By Remy Maisel
During the holidays, plenty of people think about their physical health – whether it’s because you’re aware of the impact of eating more rich food, drinking more alcohol, or cold and flu season, or even if it’s just because you’re extra grateful for everything you have at this time of year, it’s likely to have crossed your mind.
But what about your mental health? It might be hard to stay on top of when you’re busy, but your mental health is just as important as your physical health – and even if you aren’t experiencing mental health problems at the moment, chances are you will. According to the mental health charity Mind, approximately 1 in 4 people in the UK will experience a mental health problem each year 1.
One of those surprisingly common problems is loneliness. Theresa May appointed the UK’s first Minister for Loneliness, and in October 2018 released the government’s first loneliness strategy.
The report revealed that three-quarters of GPs surveyed said that they were seeing between 1 and 5 people every day who are suffering from loneliness, which is linked to conditions like heart disease, strokes, and Alzheimer’s 2.
What can I do about feeling lonely?
Unfortunately, loneliness impacts your mental health, which can make you lonelier 3. It can be hard to break out of this cycle, but there are things you can do, and people to help. And although the common stereotype of loneliness might be that it affects older people, in fact it affects both younger and older people alike – even millennials with no shortage of online ‘friends’ and interaction 4.
Get involved with your community
If you’re feeling isolated from others, there are some practical things you can do to make connections. Although it can be hard to take the initial step if you’re feeling depressed, there really are countless options: websites like Meetup are designed to get you in touch with other people who share common interests – whether it’s pub tours or learning a new language.
If you’re part of a faith community, you can join a synagogue, church, mosque, or other faith organisation. And your local library, town hall, or even coffee shop is another place to look for leaflets for book clubs, dance lessons, or running clubs you might like to join to get started.
One such organisation that stands out is GoodGym: a combination running club and charity whose motto is ‘Do good and get fit’. GoodGym is dedicated to building meaningful intergenerational relationships by connecting younger runners with isolated older people 5.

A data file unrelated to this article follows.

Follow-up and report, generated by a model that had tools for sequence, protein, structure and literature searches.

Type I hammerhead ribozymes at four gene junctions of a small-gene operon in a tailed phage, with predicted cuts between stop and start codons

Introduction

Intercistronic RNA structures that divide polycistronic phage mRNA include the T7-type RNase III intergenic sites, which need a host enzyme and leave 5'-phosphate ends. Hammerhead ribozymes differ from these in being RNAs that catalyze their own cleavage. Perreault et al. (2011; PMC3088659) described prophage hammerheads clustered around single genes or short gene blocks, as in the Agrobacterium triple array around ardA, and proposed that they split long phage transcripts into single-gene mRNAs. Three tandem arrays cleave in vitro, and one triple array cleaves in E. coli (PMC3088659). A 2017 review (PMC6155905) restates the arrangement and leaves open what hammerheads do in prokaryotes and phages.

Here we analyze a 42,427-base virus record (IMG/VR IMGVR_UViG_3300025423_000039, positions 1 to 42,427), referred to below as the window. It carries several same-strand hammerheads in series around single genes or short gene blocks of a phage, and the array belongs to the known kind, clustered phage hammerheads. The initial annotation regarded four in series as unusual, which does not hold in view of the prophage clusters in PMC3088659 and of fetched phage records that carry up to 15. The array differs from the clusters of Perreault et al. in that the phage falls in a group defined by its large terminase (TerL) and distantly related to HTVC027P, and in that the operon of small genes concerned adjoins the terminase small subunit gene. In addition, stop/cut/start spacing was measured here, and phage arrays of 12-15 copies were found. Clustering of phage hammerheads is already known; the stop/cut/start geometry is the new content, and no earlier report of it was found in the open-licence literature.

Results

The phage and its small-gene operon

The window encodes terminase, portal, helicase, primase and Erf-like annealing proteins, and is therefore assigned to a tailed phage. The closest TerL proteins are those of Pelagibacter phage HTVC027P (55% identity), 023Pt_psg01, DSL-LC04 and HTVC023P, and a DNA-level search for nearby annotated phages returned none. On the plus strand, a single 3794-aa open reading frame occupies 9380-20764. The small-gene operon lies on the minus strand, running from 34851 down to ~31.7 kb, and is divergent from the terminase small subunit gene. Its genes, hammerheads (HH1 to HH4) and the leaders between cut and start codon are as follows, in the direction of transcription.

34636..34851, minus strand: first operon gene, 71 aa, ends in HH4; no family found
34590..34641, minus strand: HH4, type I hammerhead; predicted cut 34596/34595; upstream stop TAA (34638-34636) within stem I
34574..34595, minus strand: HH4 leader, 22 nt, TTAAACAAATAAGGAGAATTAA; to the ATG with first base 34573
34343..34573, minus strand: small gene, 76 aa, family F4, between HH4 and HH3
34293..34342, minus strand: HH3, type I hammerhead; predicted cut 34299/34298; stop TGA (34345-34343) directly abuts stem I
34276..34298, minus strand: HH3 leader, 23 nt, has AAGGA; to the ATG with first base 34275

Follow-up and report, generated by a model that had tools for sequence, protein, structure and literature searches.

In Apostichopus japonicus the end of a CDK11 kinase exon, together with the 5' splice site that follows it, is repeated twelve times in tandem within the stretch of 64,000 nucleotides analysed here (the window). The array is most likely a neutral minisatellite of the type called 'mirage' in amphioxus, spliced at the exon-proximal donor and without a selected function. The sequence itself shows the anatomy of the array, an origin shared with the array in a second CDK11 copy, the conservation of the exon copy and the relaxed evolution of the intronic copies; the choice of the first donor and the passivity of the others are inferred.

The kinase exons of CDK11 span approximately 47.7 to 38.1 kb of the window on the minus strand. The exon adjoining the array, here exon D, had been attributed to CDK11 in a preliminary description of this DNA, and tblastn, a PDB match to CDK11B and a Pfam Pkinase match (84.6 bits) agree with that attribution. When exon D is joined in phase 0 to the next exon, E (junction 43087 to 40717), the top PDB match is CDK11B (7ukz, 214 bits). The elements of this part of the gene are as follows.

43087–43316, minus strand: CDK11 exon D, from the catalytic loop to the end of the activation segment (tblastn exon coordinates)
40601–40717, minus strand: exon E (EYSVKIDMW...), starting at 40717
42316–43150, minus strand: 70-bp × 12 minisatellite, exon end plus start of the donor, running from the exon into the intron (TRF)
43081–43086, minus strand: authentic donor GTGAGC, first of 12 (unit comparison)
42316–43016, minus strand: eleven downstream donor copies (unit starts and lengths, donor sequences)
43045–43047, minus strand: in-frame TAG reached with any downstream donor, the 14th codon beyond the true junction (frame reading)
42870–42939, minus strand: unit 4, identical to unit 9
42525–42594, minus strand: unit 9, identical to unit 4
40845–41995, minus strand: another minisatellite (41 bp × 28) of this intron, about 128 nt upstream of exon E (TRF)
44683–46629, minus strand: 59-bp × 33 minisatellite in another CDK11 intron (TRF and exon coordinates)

We need to find ways to rebuild a sense of community
The idea behind it is simple – instead of working out in a gym or running laps on a track, runners are dispatched to visit isolated older people and community centres in need of volunteers to help with simple tasks, like gardening or moving furniture, or just having a cup of tea and a chat. That way, the runner can get some exercise, and the older person gets help with something they are no longer able to do, but most crucially, new connections are formed.
Ivo Gormley, the founder of GoodGym, says he started the charity back in 2009 because he was feeling unfit and unmotivated himself – and began by running to visit an older neighbour called Terry, bringing him a newspaper. Terry was lonely and looked forward to Ivo’s visits, and that gave him motivation to run. Now, thousands of runners across the UK are members of GoodGym, and have formed similar relationships with individuals and their local communities.
"GoodGym is all about connection, community and being part of something bigger,” says Ivo. “As we live more transient and busy lives and are less likely to live next to our families, we need to find ways to rebuild a sense of community. GoodGym has a big impact on loneliness for both the older people we visit and the runners and walkers."
Both the supposed ‘beneficiaries’ of GoodGym – the older people – and the volunteer runners agree. Florence is one of the older people who receives regular visits from a runner in Leicester, known as a Coach. "I hope it's brought as much pleasure to him as it has to me,” she says of her runner. “I've got no kids so I don't have anyone coming to visit like that. I feel very lucky now. It's something to look forward to, someone to tell your troubles to. My visits on Wednesdays are so important."
GoodGym gives me wings!
There’s no doubt that the runners get just as much out of volunteering through coach runs, missions, and group runs as the beneficiaries do. "GoodGym gives me wings!” says Michelle, a runner in GoodGym Hounslow. “It gives me a real sense of purpose and belonging, helping others and being part of something that gets bigger and better every day."
That, Ivo says, is why GoodGym has grown so quickly, into a national movement. "The great thing about being human is that we love connecting with each other and we get a kick out of doing things that help each other. GoodGym is just an easy way of doing this. By combining your workout with helping your community you get to feel doubly good, and make a difference to other people's lives too – it just makes sense."
Seek medical help
If you think you might be depressed or suffering from other mental health problems that require support from a doctor, speak to your GP.
If you have Aviva private health insurance, we understand that your mental health is just as important as your physical health. We offer a 24-hour stress counselling hotline as standard, so if you need to talk to someone, you can talk to an experienced counsellor anytime, as long as you’re over 16.
You can also add mental health cover to your plan if you’d like to be covered for in-patient and day-patient treatment if you’re diagnosed with an acute psychiatric condition such as schizophrenia or clinical depression. If you’re with another provider, check your policy booklet for details.